X-ray observations of gravitationally lensed quasars: evidence for a hidden quasar population.
Abstract (from CDS):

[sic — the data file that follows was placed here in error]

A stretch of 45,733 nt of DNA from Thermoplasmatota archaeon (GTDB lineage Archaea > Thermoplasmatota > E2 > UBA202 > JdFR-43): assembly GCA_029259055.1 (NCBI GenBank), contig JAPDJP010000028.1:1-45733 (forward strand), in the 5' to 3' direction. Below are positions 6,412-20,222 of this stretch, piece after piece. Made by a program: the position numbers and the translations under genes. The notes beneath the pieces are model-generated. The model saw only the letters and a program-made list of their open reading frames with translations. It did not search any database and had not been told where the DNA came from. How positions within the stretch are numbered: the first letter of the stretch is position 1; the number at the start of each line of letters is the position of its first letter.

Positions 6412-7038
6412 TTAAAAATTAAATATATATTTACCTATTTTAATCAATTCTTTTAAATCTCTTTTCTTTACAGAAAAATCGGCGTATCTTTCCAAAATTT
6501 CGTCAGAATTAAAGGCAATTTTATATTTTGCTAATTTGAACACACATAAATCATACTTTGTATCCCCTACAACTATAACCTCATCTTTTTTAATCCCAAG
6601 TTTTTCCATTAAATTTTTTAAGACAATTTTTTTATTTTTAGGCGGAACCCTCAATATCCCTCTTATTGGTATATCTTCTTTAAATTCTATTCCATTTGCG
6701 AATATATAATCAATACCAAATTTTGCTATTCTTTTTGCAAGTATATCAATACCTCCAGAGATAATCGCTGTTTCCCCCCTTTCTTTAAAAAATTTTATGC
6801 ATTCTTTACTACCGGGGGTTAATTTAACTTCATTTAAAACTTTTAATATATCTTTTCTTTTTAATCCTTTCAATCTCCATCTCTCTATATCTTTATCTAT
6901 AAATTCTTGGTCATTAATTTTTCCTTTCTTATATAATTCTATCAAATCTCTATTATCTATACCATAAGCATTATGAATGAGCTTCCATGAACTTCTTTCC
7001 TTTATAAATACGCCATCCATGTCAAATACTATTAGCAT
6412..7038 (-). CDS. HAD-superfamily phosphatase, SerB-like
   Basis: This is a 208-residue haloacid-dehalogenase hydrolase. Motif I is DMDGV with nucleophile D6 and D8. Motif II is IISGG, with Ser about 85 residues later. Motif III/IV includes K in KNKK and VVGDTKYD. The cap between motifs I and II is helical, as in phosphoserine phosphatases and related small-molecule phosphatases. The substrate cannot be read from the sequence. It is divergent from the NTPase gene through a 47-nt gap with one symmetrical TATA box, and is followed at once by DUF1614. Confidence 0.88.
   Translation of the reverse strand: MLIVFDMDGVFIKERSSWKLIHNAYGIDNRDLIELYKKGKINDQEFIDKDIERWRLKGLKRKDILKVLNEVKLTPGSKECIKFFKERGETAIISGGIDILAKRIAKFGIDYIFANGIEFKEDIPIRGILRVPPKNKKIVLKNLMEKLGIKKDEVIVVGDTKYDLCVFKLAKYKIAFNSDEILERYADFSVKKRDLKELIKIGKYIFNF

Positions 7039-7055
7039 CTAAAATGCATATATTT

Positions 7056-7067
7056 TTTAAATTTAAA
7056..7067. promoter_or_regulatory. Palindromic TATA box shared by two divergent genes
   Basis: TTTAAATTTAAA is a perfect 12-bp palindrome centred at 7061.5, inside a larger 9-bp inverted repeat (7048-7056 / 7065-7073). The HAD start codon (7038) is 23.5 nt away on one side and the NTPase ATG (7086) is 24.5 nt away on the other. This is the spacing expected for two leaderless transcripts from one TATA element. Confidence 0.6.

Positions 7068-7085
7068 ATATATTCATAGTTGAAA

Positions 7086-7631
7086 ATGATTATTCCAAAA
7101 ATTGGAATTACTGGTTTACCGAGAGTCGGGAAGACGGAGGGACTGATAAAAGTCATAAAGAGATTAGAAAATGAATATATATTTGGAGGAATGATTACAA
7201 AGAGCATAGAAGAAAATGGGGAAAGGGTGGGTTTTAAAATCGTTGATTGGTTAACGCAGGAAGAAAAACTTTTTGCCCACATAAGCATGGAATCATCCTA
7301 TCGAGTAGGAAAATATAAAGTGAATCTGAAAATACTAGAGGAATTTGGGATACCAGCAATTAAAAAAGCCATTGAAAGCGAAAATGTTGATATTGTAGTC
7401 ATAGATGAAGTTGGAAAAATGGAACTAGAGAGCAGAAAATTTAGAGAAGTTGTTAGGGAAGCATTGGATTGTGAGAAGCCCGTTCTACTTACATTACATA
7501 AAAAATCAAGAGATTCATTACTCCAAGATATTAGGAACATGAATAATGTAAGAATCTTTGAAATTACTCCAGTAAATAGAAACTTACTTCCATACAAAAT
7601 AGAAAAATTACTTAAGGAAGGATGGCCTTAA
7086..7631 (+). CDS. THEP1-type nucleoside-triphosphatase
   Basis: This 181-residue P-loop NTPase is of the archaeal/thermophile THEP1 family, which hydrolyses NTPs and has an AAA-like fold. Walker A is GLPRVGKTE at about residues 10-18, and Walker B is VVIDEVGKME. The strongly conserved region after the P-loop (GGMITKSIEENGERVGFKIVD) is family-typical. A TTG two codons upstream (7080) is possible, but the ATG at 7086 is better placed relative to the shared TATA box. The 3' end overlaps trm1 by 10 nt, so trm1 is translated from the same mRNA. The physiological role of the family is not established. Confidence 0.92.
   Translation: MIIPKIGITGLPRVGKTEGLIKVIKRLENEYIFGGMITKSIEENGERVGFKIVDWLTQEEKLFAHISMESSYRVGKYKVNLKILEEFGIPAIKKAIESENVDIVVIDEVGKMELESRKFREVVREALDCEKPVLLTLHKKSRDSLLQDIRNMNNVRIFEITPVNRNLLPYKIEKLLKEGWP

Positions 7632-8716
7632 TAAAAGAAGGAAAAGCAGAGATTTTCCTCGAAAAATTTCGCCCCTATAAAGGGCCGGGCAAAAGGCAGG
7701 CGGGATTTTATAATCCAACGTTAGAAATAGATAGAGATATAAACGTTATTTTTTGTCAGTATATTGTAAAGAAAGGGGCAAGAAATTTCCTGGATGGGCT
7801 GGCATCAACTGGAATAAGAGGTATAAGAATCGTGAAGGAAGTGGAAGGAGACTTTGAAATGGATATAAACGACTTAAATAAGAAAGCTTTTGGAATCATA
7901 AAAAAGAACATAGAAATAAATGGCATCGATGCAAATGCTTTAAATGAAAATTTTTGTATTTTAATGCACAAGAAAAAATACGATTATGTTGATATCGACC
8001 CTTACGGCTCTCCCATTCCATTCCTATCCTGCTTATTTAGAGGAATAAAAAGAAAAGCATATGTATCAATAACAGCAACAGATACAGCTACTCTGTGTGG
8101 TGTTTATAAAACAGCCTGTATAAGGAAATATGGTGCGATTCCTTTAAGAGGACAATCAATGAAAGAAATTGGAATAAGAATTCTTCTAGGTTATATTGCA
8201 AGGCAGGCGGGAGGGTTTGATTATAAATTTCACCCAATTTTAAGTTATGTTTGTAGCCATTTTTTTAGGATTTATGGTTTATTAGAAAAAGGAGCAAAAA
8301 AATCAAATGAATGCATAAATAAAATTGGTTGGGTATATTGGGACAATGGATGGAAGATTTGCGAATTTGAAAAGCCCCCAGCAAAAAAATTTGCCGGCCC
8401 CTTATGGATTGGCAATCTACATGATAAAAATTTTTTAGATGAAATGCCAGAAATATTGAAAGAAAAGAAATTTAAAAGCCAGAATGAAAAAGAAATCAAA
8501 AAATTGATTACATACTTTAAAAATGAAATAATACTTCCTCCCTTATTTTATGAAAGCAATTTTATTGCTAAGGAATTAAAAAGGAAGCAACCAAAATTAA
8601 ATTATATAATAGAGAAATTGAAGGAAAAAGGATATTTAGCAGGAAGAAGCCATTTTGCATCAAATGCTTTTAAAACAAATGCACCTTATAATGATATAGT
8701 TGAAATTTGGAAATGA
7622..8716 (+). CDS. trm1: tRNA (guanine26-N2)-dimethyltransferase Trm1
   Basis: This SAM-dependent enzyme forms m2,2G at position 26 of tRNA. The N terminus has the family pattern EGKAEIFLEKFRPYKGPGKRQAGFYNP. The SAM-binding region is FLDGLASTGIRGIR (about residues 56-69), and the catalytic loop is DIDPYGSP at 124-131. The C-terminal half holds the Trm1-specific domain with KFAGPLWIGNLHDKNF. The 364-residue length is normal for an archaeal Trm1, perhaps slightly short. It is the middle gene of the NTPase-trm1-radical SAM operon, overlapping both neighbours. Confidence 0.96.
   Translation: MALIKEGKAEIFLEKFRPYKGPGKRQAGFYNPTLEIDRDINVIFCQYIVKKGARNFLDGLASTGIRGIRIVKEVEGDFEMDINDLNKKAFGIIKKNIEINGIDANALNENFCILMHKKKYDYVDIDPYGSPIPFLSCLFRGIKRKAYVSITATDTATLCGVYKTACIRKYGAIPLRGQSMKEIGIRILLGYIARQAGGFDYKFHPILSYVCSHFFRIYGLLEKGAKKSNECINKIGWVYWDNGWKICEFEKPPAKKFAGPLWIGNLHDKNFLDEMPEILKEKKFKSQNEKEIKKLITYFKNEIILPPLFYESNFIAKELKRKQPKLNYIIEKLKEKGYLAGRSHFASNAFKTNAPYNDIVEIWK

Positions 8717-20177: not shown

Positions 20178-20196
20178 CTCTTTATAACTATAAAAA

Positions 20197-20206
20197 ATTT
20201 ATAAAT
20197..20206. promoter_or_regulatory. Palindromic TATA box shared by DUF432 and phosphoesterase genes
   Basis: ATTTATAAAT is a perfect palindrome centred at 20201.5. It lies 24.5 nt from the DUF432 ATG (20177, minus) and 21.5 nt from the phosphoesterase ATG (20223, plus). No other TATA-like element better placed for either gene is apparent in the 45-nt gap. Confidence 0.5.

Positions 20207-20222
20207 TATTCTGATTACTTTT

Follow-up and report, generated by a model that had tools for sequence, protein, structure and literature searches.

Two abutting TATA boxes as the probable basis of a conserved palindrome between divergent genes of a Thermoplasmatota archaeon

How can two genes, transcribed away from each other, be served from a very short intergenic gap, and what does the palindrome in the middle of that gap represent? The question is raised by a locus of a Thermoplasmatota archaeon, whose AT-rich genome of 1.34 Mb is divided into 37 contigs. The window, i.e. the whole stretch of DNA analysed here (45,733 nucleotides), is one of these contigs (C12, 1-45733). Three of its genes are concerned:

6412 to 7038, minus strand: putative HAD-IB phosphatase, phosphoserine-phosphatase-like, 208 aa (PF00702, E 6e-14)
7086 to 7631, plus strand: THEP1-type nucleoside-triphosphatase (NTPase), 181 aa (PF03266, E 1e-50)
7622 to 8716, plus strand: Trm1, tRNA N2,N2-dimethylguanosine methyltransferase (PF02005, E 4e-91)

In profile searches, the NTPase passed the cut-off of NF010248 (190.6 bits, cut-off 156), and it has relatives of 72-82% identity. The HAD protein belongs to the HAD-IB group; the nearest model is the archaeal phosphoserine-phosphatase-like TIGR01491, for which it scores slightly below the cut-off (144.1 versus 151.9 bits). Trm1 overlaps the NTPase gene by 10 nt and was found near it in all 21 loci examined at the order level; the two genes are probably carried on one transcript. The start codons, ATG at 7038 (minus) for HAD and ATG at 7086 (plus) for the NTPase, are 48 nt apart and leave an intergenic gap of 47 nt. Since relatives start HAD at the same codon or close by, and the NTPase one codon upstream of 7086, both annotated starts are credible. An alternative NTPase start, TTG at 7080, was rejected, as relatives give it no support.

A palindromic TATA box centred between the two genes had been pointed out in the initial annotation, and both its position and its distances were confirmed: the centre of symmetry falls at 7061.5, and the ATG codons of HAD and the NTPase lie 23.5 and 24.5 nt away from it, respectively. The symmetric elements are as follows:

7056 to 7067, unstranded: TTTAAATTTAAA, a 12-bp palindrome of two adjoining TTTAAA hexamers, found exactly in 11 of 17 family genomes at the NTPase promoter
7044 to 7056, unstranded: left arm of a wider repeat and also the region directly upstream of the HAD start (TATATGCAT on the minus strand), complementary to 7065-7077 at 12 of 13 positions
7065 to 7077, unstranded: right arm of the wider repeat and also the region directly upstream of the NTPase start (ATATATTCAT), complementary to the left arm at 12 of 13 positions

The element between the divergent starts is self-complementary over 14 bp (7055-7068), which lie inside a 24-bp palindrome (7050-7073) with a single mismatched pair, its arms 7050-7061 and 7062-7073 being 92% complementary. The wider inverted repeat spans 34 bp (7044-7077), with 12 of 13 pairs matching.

X-ray observations are presented of gravitationally lensed (GL) quasars with redshifts ranging between 1 and 4. The large magnification factors of GL systems allow us to investigate the properties of quasars with X-ray luminosities that are substantially lower than those of unlensed ones and also provide an independent means of estimating the contribution of faint quasars to the hard X-ray component of the cosmic X-ray background. Spectral indices have been estimated in the rest-frame energy bands 0.5-1 keV (soft), 1-4 keV (mid), and 4-20 keV (hard). Our spectral analysis indicates a flattening of the spectral index in the hard band for two radio-loud quasars in the GL quasar sample for which the data have moderate signal-to-noise ratio. These results are consistent with the reported spectral properties of nonlensed radio-loud quasars; however, there are no indications of spectral hardening toward fainter X-ray fluxes. We have identified a large fraction of broad absorption line (BAL) quasars among the GL quasar population. We find that approximately 35% of radio-quiet GL quasars contain BAL features, which is significantly larger than the 10% fraction of BAL quasars presently found in optically selected flux-limited quasar samples. We present a simple model that estimates the effects of attenuation and lens magnification on the luminosity function of quasars and that explains the observed fraction of GL BAL quasars. These observations suggest that a large fraction of BAL quasars are missed from flux-limited optical surveys. Modeling of several X-ray observations of the GL BAL quasar PG 1115+080 suggests that the observed large X-ray variability may be caused in part by a variable intrinsic absorber consistent with previously observed variability of the BAL troughs in the UV band. The observed large X-ray flux variations in PG 1115+080 offer the prospect of considerably reducing errors in determining the time delay with future X-ray monitoring of this system and hence constraining the Hubble constant H0.